Getting into the habit of keeping a garden journal is a great way of keeping track of your gardening, whilst also giving your future-self tips and tricks that are specific to your own garden.

You can learn plenty about gardening from parents, family members, neighbours, community members, books, and the internet nowadays. But what experience is better than first-hand experience? Whether you are new to gardening or are a greenfingered guru, keeping track of the goings on in your garden can be incredibly helpful.

Keep track

The joy of journaling your garden journey is that you can make it perfect for you. However, there are some basics that I recommend recording.

Monitor the dates that you sowed seeds, potted on, and planted in their final spots.

It could help to draw diagrams of your garden or vegetable patch, labelling where you grew each crop.


This will help to keep up with which crops were grown where. Doing this will help with crop rotation and determine which plants are grown in that spot next year.

If possible, keep tabs on when you planted, watered, fed, pruned, or harvested the plants in your garden. Then, when looking back you can clearly see how often you performed certain tasks and how often.

In our gardens we have control over some things, however we don’t have control over the weather. One year we may have a scorcher of a summer and a mild winter, and the next we might have a sweltering spring and bitterly cold and long winter. So, I recommend including a simple summary of the weather too, just to know the conditions that your plants were growing in.

Success and failure


As well as tracking what, where and when you planted, keep note of what has gone well and what hasn’t. If you’ve had any big successes such as a large crop, or a well-spread harvest, journal the steps you took to get these results.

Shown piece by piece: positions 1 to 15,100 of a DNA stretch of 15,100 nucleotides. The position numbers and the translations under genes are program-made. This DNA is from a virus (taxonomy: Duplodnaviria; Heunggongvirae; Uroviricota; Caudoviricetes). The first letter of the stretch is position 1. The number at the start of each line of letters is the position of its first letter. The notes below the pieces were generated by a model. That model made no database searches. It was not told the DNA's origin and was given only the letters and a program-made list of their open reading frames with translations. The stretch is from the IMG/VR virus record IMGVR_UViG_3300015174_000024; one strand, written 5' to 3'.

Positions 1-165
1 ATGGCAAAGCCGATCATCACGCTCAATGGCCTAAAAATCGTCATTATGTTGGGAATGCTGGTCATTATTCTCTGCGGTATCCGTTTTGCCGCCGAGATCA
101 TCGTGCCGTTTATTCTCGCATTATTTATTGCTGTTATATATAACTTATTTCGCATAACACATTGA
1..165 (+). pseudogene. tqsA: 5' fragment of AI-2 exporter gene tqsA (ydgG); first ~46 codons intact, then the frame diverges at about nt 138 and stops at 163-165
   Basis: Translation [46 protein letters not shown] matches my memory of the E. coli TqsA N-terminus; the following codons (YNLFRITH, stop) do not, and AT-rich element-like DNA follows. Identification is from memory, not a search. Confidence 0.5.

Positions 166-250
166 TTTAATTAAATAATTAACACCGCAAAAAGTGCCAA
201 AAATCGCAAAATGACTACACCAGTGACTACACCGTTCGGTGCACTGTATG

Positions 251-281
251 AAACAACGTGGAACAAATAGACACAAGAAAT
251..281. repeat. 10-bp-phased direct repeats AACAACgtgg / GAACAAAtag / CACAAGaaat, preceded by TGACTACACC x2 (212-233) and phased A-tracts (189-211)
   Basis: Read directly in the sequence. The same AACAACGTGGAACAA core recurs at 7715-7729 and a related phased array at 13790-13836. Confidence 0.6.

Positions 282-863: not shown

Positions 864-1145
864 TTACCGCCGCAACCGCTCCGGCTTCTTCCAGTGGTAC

Doing this will help you make decisions about whether to repeat the same methods or tweak it a little.

Whether you keep a physical journal or a digital one, you can attach photos, so you have reference points to compare with. This is a great way of seeing how your garden and plants develop and assess how they are different year-on-year.

Formats for you

There are no rules with garden journaling, so there are plenty of ways to do it to suit you. Whether you are a computer whizz and prefer to keep a spreadsheet of your garden or prefer a notebook to scribble in – that’s just fine!

You can get project notebooks with spiral binding that are split into sections that you can dedicate to different segments; ‘seeds’, ‘vegetable patch’, ‘flower beds’, ‘sketches’.


Another option is to get a small ring binder, so you can insert pages as and when you need to add to certain parts. Alternatively, there are many garden journals available that are pre-formatted to give you a helping hand.

So, get into the habit of keeping notes and start a garden journal so you can see your successes and how to improve. You’ll thank your past-self when it comes to the following year and trying to get the best harvest.

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